The Open Orthopaedics Journal




ISSN: 1874-3250 ― Volume 12, 2018
LETTER

A Protocol for the Management of the Inpatient Fracture Neck of Femur is Required



Carl Malcolm Green1, *, Nikhil Shah2
1 Cavendish Hip Fellow, Sheffield Teaching Hospitals NHS Trust, Northern General Hospital, Herries Road, Sheffield, S5 7AU, England
2 Consultant Orthopaedic Surgeon, Wrightington Hospital, Hall Lane, Wigan, WN6 9EP, England

Abstract

Falls within a hospital environment are a major cause of morbidity and may even lead to mortality. Pathways for patients suffering a Fractured Neck of Femur (FNOF) in the community are well established following the development of the Blue Book, BOAST guidelines and National Hip Fracture Database (NHFD). However, there is no such agreed pathway for patients suffering FNOF within a hospital environment. Such patients have been demonstrated to have a higher risk of delays in medical optimisation, delays in operative management, and mortality. There is, therefore, a need to create a nationally agreed guideline for the care of the “inpatient FNOF” as this is an important subgroup of patients. This article highlights this issue as well as advising medical staff on how to identify a potential FNOF within a hospital environment in order to ensure prompt management of a vulnerable group of patients.

Keywords: Inpatient, Fracture, Neck of femur, Protocol falls, Surgery, NHFD.


Article Information


Identifiers and Pagination:

Year: 2018
Volume: 12
First Page: 358
Last Page: 363
Publisher Id: TOORTHJ-12-358
DOI: 10.2174/1874325001812010358

Article History:

Received Date: 24/4/2018
Revision Received Date: 30/7/2018
Acceptance Date: 7/8/2018
Electronic publication date: 31/08/2018
Collection year: 2018

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© 2018 Green and Shah.

open-access license: This is an open access article distributed under the terms of the Creative Commons Attribution 4.0 International Public License (CC-BY 4.0), a copy of which is available at: (https://creativecommons.org/licenses/by/4.0/legalcode). This license permits unrestricted use, distribution, and reproduction in any medium, provided the original author and source are credited.


* Address correspondence to this author at the Cavendish Hip Fellow, Sheffield Teaching Hospitals NHS Trust, Northern General Hospital, Herries Road, Sheffield, S5 7AU, England; Tel: 07939 038439; E-mail: carlgreen@nhs.net




1. INTRODUCTION

Falls within hospital are a major cause of morbidity and may even lead to mortality. Approximately 240,000 falls are recorded within the National Health Service (NHS) every year in England and Wales [1Falls and Fragility Fracture Audit Programme (FFFAP) National Audit of Inpatient Falls 2015 2015. Available from: https://www.rcplondon.ac.uk/projects/outputs/naif-audit-report-2015 Last Accessed 18th November 2017] and this costs the NHS approximately £2.3 billion per year [2National Institute of Clinical Excellence. Falls in older people: assessing risk and prevention Clinical guideline [CG161] 2013. Available from: https://www.nice.org.uk/guidance/cg161]. As 152,000 falls were registered in 2007, this is an increasing problem within an ageing population [3National Patient Safety Agency. Slips, trips and falls in hospitals 2007. Available from: www.npsa.nhs.uk]. This is being addressed by the use of the National Falls Audit, updated guidelines from the National Institute for Health and Care Excellence (NICE) in 2013, and increasing education and awareness of falls prevention.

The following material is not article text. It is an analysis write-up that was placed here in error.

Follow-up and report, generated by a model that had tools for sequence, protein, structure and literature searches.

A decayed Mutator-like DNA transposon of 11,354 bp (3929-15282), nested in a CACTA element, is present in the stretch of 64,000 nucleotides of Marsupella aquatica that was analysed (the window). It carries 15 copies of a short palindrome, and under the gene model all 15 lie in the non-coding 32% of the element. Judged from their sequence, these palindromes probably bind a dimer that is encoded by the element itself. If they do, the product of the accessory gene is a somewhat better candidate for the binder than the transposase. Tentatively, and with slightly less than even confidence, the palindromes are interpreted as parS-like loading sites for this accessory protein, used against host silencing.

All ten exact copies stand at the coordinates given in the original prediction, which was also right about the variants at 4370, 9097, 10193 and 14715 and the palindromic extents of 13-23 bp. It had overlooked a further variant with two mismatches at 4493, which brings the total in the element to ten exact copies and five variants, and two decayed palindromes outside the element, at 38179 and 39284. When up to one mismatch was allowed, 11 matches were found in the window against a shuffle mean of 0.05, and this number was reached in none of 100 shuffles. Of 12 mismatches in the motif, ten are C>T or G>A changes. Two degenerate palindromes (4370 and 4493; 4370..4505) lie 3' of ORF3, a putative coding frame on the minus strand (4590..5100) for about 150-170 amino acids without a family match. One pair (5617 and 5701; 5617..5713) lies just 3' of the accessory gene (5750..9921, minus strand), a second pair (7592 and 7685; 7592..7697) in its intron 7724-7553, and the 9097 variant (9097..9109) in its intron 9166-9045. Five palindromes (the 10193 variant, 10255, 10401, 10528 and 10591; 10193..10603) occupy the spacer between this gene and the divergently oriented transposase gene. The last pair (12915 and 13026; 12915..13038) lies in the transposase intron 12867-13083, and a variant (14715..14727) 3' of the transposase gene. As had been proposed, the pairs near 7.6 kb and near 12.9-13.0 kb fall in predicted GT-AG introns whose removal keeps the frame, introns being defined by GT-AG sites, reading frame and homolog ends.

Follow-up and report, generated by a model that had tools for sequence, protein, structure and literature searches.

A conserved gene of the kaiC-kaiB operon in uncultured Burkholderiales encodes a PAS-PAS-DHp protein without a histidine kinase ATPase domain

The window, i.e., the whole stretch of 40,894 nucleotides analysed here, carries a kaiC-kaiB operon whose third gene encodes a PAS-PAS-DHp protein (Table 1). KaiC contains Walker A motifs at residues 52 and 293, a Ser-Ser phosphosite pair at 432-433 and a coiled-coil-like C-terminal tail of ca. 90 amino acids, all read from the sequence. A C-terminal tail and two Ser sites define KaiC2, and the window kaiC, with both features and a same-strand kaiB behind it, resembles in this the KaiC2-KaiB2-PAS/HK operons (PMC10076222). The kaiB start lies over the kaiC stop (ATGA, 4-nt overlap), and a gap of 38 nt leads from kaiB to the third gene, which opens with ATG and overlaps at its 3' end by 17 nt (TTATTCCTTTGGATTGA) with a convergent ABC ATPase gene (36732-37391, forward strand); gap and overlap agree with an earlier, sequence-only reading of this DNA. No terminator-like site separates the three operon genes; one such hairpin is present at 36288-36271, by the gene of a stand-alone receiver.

Falls can also lead to an “inpatient” Fracture Neck of Femur (FNOF). According to the National Hip Fracture Database (NHFD), 2,511 (3.9% of all hip fractures) patients in 2015 and 2,659 patients (4.1%) in 2016 were treated for an inpatient fracture, meaning that this is an increasing problem [4National Hip Fracture Database Report 2016. Available from: https://rcplondon.ac.uk/projects/outputs/national- hip-fracture-database-annual-report-2016, 5National Hip Fracture Database Report 2017. Available from: https://nhfd.co.uk/files/2017ReportFiles/NHFD-AnnualReport2017.pdf]. Other research performed in individual hospital trusts report that approximately 5.5 - 6.1% of hip fractures occur following a fall within a hospital environment [6Green CM, Zeiton M, Foulkes K, Barrie J. The inpatient fracture neck of femur: An important subgroup of patients. Injury 2014; 45(12): 1946-9.[http://dx.doi.org/10.1016/j.injury.2014.09.022] [PMID: 25458059] -8Mohamed M, Patel D, Zhao S, Ballal MS, Scott S. Increased mortality amongst inpatients sustaining neck of femur fractures as in-patients in a Trauma centre. Open Orthop J 2015; 9(9): 412-7.[http://dx.doi.org/10.2174/1874325001509010412] [PMID: 26401165] ]. Although the higher incidence of fracture in these studies can be explained by characteristics of the trusts (as two units included injuries from rehabilitation centres within their trusts), another reason may be the reliability of NHFD data. In one study, three of 40 patients who suffered a fracture within a hospital environment had been listed as suffering the injury within their “own home” according to the data submitted to the NHFD [6Green CM, Zeiton M, Foulkes K, Barrie J. The inpatient fracture neck of femur: An important subgroup of patients. Injury 2014; 45(12): 1946-9.[http://dx.doi.org/10.1016/j.injury.2014.09.022] [PMID: 25458059] ].